Anyway we can full recommend Gaston if you are ever in Stockholm – gastonvin.se.  Those of you who know BinTwo in Padstow – it was like a bigger version of that and so will feel right at home there.  We even ended the evening with a couple of specially made cocktails – ‘The beat goes on’ for me – all Swedish ingredients (except the lime) and clearly part of my 5 a day as it contained beetroot, and the ‘Cornish Flip’ for Tim – something more sweet to satisfy his sweet tooth and containing, of course, a bit of rum and port a la salty seadogs tipple.

Vasa Museum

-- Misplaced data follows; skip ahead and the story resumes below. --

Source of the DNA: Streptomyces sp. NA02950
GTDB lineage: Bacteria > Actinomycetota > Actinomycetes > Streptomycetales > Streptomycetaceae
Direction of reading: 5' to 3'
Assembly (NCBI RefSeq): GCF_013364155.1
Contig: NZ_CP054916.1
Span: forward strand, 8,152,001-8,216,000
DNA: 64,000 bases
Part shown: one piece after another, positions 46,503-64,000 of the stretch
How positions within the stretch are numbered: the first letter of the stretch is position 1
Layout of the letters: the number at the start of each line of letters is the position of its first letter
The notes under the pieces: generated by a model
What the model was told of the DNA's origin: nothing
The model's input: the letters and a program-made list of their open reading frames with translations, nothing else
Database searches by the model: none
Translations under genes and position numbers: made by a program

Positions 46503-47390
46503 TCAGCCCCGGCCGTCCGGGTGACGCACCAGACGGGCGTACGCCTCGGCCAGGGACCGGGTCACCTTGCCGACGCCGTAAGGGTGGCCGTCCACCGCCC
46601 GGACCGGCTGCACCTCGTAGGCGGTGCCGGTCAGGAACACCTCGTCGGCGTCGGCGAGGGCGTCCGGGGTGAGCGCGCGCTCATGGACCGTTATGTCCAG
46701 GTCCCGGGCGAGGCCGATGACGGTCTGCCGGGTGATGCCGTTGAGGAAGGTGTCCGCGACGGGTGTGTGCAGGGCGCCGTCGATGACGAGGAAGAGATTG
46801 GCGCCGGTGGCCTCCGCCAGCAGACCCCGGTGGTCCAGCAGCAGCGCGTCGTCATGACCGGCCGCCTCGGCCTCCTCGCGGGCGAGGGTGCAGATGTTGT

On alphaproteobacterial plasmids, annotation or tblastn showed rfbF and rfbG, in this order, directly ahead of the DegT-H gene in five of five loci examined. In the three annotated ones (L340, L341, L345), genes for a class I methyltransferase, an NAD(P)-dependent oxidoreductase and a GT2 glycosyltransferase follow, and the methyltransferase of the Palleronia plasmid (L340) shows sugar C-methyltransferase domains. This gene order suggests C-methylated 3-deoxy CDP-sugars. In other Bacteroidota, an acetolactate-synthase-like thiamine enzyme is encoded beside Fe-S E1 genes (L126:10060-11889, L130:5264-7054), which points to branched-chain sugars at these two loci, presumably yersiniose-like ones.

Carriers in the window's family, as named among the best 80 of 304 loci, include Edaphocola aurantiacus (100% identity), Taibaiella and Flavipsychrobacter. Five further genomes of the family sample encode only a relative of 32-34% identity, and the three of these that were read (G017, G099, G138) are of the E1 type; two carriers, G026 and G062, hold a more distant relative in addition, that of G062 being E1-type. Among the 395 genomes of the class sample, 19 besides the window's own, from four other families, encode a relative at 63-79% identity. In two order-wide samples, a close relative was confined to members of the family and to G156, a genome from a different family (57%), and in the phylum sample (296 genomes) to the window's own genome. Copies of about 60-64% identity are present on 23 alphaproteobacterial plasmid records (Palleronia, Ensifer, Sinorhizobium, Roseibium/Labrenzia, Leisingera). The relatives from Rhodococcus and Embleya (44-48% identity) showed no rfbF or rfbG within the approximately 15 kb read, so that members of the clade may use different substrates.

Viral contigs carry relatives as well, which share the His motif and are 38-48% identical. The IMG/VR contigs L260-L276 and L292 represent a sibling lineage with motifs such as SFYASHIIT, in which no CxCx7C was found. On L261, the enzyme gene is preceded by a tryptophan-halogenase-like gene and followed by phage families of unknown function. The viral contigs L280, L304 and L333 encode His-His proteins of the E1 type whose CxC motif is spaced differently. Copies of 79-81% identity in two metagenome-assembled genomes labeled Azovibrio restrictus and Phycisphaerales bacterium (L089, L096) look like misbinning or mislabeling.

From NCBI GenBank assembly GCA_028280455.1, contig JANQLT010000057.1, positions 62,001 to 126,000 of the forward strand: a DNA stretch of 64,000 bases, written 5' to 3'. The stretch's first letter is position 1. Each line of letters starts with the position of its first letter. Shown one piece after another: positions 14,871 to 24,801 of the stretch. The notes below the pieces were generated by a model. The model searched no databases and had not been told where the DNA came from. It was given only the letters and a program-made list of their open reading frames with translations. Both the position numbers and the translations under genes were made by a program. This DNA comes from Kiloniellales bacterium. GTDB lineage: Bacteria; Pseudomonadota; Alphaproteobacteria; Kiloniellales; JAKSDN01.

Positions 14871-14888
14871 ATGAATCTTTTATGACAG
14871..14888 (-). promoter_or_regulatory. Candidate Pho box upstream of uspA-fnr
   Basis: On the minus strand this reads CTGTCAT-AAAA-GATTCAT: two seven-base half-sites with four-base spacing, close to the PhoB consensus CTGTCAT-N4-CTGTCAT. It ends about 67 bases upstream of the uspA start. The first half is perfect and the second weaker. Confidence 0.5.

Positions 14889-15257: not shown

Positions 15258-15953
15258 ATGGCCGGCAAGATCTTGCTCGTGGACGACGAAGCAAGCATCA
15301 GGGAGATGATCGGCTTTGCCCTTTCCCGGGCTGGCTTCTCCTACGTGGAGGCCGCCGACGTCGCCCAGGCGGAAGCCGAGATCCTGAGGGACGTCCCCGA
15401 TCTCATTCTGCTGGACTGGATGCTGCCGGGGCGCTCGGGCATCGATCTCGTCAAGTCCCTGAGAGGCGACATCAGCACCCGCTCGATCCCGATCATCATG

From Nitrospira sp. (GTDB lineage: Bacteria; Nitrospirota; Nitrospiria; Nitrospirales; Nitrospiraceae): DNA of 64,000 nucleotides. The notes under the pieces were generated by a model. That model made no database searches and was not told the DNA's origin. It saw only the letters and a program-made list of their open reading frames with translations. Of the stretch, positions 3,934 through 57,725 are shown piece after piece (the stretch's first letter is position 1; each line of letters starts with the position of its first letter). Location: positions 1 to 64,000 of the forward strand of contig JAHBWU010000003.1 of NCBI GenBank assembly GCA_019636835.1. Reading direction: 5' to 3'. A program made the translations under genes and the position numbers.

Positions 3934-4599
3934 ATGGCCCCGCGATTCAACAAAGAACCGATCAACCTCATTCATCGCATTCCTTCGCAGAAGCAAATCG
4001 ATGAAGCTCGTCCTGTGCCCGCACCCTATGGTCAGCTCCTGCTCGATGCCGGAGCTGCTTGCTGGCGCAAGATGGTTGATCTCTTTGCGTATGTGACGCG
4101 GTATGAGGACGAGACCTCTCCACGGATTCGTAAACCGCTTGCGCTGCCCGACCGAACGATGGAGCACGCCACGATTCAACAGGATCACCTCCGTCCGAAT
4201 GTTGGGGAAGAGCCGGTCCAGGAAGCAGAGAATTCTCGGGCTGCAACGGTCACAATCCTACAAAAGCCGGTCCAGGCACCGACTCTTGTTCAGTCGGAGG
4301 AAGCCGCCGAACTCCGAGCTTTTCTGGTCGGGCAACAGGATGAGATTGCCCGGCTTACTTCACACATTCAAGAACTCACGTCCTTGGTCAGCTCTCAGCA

But a trip to Stockholm must not be without a trip to the Vasa Museum.  The warship Vasa sank on her maiden voyage in Stockholm in 1628 after a journey of only 1300 metres.  The quays and shores were lined with an excited public waiting to celebrate her departure – oops, not quite the send off that was expected.  Just can just imagine the shock and sense of dismay.  It was fine until it left the shelter of the surrounding cliffs.  It would clearly have looked incredible and would have been a fearful sight to any enemy but, once it hit the wind, it just keeled over one way and then the next and immediately began to take on water through the gun ports – soon sealing the fate of that ship and the crew, women and children on board.    It was enormous and was just too top heavy – built from more than a thousand oak trees and holding 64 cannons, over 50 metre high masts and hundreds of painted and gilded sculptures.  It lay at the bottom of Stockholm harbour until it was salvaged in 1961 and is now restored in full and is the most incredible sight.  98% of the original ship has been salvaged which is incredible.  I’d show you some photos but we managed to hit delete by mistake.  Do take a look at the museums website though vasamuseet.se (great weebsite too) as it will give you an idea of what I mean.  Perhaps the best museum I have visited.  Purpose built, yes, but the quality of presentation and the way they manage the number of people through the place was very impressive.  A queue for about 20 minutes, kept moving, no problem there.  Easy ticketing and once inside, no real sense of just how many people are there – never felt ‘busy’.  A huge building (obviously) which clearly allowed for clever visitor flow and had something for everyone.  Very few staff too really but not needed, the interpretation of the exhibits was so well done, but not overdone.  A regular film presentation and guided tours plus an MP3 downloadable tour if you want/need it enhanced what was there.  It is so complete that all you want to do it look at it.  There were some very good quality reconstructions of bits of the ship which meant you could imagine what it was like without having to board it – the reconstructed gun deck has to be my favourite.  Awesome. Go. Worth every penny although actually it was quite cheap by some of our standards – definitely much less than the Tower of London, for example.